Fiat Money: What It Is, How It Works, Example, Pros & Cons

what is fiat money backed by

The value of fiat money is not determined by the material with which it is made. The metals used to mint coins and the paper used for bills are not valuable in themselves. The succeeding Yuan Dynasty was the first dynasty of China to use paper currency as the predominant circulating medium. The founder of the Yuan Dynasty, Kublai Khan, issued paper money known as Jiaochao during his reign. The original notes during the Yuan Dynasty were restricted in area and duration as in the Song Dynasty.

what is fiat money backed by

Even though the Federal Reserve controls the money supply, it was not able to prevent the crisis from happening. Critics of fiat money argue that the limited supply of gold makes it a more stable currency than fiat money, which has an unlimited supply. Fiat currency, also called fiat money, is legal tender whose value is backed by the government that issued it.

Advantages and Disadvantages of Fiat Money

The value of fiat money is derived from the relationship between supply and demand and the stability of the issuing government, rather than the worth of a commodity backing it. Commodity-based currencies were volatile due to the regular business cycle and periodic recessions. The central banks can print or hold paper money as they may need, giving them greater control over the money supply, interest rates, and liquidity. For example, the Federal Reserve’s control over the money supply and demand enabled it to manage the Global Financial Crisis of 2008 from causing greater harm to the U.S. financial system and global economy. The value of fiat money depends on supply and demand and was introduced as an alternative to commodity money and representative money.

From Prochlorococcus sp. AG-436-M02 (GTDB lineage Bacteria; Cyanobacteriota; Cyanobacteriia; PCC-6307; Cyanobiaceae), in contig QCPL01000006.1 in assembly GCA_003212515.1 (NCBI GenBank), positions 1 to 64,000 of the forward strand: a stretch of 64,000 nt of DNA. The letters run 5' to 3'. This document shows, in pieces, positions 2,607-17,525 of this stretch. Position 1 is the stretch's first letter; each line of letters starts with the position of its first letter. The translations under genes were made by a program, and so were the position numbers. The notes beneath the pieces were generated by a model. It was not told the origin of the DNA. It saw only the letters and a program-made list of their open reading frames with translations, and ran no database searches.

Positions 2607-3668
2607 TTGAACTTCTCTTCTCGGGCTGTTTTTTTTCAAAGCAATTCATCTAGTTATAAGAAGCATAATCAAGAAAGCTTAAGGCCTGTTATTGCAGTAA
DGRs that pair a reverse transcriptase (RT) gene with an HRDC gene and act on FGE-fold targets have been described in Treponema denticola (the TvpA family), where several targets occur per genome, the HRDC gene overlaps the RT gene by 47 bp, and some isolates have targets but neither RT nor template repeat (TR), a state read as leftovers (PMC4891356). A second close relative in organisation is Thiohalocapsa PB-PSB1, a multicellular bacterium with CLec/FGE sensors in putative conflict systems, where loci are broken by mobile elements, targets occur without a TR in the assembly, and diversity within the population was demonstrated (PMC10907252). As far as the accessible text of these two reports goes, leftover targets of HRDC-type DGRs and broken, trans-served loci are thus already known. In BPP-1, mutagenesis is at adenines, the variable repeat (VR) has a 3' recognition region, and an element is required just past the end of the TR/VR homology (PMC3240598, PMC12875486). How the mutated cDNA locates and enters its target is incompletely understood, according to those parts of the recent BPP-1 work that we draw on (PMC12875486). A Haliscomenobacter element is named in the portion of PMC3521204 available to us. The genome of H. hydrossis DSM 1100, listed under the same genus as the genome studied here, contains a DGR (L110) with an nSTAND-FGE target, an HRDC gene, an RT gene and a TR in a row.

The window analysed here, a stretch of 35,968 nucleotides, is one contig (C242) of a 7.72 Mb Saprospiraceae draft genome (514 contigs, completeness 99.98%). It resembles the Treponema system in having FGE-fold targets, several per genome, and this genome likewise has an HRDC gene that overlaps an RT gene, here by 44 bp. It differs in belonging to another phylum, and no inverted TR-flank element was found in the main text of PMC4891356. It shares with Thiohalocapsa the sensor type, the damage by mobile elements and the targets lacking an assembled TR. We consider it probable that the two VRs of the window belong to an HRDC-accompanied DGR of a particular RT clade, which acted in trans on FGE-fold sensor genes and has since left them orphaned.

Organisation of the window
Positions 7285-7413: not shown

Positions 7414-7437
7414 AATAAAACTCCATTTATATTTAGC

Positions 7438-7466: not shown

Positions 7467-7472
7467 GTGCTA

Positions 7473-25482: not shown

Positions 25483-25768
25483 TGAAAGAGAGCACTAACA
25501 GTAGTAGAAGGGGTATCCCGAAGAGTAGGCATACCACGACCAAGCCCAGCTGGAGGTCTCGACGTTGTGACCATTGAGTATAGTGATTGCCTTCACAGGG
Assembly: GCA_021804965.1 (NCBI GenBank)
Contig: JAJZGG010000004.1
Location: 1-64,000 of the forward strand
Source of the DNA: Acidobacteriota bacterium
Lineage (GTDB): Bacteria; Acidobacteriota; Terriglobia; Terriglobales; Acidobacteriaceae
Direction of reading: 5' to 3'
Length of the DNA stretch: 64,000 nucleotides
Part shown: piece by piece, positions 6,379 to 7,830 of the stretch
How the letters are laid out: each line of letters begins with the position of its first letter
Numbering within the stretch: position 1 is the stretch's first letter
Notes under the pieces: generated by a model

With a fiat currency, the money supply can be increased far more easily as demand increases, helping to stabilize a currency’s spending power and preventing deflation, or the falling price of goods. If the U.S. and other nations had remained on a gold standard, the world’s supply of money would be limited to the available gold. And while the amount of gold on earth hasn’t increased much over billions of years, the human population, its economic output, and the demand for money certainly have gone up. The African nation of Zimbabwe provided an example of the worst-case scenario in the early 2000s. In response to serious economic problems, the country’s central bank began to print money at a staggering pace, resulting in hyperinflation. Bitcoins and other cyber currencies are not backed by any government or other authority and are not fiat currencies.